Continental is to supply the central computers for Volkswagen’s ID. Series of electric cars, meaning VW is introducing over the air updates à la Tesla. The server naturally enables a high degree of other networking in MEB electric vehicles as well.
Continental thus enables Volkswagen to move away from the many individual control units of current cars and towards a small number of high-performance computers. Its server is now going into production at VW as an in-car application server (ICAS1).
Volkswagen will use the technology for the range of its upcoming ID. electric vehicles based on the modular MEB platform. Helmut Matschi, member of the executive board at Continental, considers the deal “a great accomplishment for us that our server concept is now going into series production at Volkswagen”.
Continental says the concept offers “a host of vehicle connectivity features” such as the ability to install new functions and safety updates via a wireless connection. At the heart of the server is a high-performance computer platform Continental developed in cooperation with Elektrobit.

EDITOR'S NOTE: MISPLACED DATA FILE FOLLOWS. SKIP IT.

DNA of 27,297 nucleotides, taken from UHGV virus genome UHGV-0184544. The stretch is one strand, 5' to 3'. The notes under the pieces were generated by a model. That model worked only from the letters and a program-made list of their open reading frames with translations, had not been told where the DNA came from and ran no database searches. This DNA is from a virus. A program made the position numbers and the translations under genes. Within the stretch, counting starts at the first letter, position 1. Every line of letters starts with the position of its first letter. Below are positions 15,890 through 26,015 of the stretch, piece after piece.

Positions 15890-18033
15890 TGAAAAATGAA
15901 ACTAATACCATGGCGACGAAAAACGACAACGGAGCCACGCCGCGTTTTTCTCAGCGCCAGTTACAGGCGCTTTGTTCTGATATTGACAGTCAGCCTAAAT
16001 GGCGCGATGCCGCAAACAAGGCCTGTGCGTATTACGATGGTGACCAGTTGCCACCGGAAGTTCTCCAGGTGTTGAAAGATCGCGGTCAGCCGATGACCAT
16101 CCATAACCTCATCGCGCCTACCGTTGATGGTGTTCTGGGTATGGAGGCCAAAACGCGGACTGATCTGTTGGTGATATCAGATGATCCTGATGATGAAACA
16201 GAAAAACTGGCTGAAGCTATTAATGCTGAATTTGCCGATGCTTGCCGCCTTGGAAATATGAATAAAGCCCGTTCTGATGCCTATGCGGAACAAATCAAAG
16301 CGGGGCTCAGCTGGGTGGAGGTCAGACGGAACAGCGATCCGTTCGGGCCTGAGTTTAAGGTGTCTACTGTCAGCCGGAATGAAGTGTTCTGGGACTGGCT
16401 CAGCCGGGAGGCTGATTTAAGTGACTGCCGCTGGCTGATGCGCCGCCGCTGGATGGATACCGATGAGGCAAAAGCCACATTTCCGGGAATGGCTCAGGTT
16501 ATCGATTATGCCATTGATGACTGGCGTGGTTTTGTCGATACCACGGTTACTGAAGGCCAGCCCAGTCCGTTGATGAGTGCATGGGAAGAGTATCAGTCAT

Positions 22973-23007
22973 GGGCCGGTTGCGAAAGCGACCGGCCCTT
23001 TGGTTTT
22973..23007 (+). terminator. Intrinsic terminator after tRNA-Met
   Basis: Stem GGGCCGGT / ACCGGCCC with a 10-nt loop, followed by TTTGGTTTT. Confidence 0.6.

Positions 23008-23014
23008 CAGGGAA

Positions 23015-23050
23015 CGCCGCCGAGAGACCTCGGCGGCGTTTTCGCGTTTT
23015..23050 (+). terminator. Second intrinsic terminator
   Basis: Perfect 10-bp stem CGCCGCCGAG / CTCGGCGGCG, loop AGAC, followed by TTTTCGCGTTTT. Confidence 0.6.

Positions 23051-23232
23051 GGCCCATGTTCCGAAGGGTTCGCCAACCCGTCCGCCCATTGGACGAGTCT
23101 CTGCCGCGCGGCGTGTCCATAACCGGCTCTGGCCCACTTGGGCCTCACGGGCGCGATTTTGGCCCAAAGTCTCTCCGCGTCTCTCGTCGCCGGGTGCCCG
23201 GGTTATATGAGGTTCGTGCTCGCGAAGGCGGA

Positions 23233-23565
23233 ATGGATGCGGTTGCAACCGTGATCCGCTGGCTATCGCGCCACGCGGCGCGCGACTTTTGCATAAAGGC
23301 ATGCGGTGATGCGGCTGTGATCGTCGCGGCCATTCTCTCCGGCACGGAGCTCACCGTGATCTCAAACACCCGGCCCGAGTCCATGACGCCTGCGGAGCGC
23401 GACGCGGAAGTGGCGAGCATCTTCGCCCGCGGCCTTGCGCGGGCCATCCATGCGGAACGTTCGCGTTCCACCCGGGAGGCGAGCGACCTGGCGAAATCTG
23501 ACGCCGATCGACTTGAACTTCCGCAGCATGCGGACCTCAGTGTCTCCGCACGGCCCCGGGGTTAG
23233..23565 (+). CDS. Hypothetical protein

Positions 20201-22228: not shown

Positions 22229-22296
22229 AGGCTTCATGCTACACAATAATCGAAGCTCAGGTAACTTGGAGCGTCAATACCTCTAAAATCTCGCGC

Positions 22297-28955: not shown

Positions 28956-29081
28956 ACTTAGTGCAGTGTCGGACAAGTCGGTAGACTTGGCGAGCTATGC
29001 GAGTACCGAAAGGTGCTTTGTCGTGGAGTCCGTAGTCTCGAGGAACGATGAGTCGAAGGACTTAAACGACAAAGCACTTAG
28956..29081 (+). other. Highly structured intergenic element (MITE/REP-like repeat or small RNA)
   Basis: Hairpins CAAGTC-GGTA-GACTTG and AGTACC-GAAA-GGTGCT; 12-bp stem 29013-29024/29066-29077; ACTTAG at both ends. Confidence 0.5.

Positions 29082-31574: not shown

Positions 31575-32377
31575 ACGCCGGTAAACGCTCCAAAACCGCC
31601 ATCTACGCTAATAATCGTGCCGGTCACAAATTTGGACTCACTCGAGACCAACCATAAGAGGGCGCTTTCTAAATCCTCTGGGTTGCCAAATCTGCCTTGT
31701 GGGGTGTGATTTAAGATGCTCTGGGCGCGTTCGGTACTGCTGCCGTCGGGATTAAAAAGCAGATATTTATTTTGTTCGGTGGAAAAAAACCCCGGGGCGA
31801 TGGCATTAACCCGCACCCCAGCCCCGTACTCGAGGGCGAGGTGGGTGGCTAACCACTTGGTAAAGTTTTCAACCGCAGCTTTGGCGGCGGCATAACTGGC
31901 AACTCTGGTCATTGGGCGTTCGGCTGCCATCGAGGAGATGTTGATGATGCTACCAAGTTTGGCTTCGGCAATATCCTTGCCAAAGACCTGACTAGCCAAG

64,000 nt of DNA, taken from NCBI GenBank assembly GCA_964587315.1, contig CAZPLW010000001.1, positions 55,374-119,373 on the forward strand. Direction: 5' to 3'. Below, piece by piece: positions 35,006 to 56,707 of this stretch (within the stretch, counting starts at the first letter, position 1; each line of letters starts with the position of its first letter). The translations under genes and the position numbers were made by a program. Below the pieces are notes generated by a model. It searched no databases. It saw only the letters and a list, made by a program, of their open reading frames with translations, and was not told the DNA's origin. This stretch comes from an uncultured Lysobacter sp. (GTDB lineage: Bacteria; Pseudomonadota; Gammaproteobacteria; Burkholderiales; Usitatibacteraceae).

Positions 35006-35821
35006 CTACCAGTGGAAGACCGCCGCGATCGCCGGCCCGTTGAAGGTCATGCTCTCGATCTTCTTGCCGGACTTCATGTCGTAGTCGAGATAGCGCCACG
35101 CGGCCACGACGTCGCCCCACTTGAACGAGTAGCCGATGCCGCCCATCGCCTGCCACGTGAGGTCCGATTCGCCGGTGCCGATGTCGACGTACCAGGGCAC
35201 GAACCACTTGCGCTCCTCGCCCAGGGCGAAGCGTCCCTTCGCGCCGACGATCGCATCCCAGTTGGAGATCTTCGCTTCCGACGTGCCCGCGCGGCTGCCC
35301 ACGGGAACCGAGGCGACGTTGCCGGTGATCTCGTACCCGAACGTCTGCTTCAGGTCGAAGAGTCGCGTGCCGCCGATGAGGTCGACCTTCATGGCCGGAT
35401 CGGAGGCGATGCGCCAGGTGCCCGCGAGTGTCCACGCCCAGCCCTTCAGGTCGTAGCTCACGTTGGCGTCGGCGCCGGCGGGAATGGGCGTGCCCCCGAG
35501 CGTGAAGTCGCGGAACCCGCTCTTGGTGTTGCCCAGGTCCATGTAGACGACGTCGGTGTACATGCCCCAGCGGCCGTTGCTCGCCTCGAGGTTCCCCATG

In terms of electric car functionality, functions such as range-optimised route planning and the locating of charging stations are most critical. Moreover, the server architecture “also coordinates over-the-air updates and controls charging management for the battery,” explains Johann Hiebl, head of the Body & Security and Infotainment & Connectivity business units at Continental.
Depending on the ID. vehicle model and features, in future, two or three servers will provide the computing power for the entire vehicle. Since the beginning of the development, Continental has designed the ICAS1 for the increased service life requirements in electric vehicles, according to the company.
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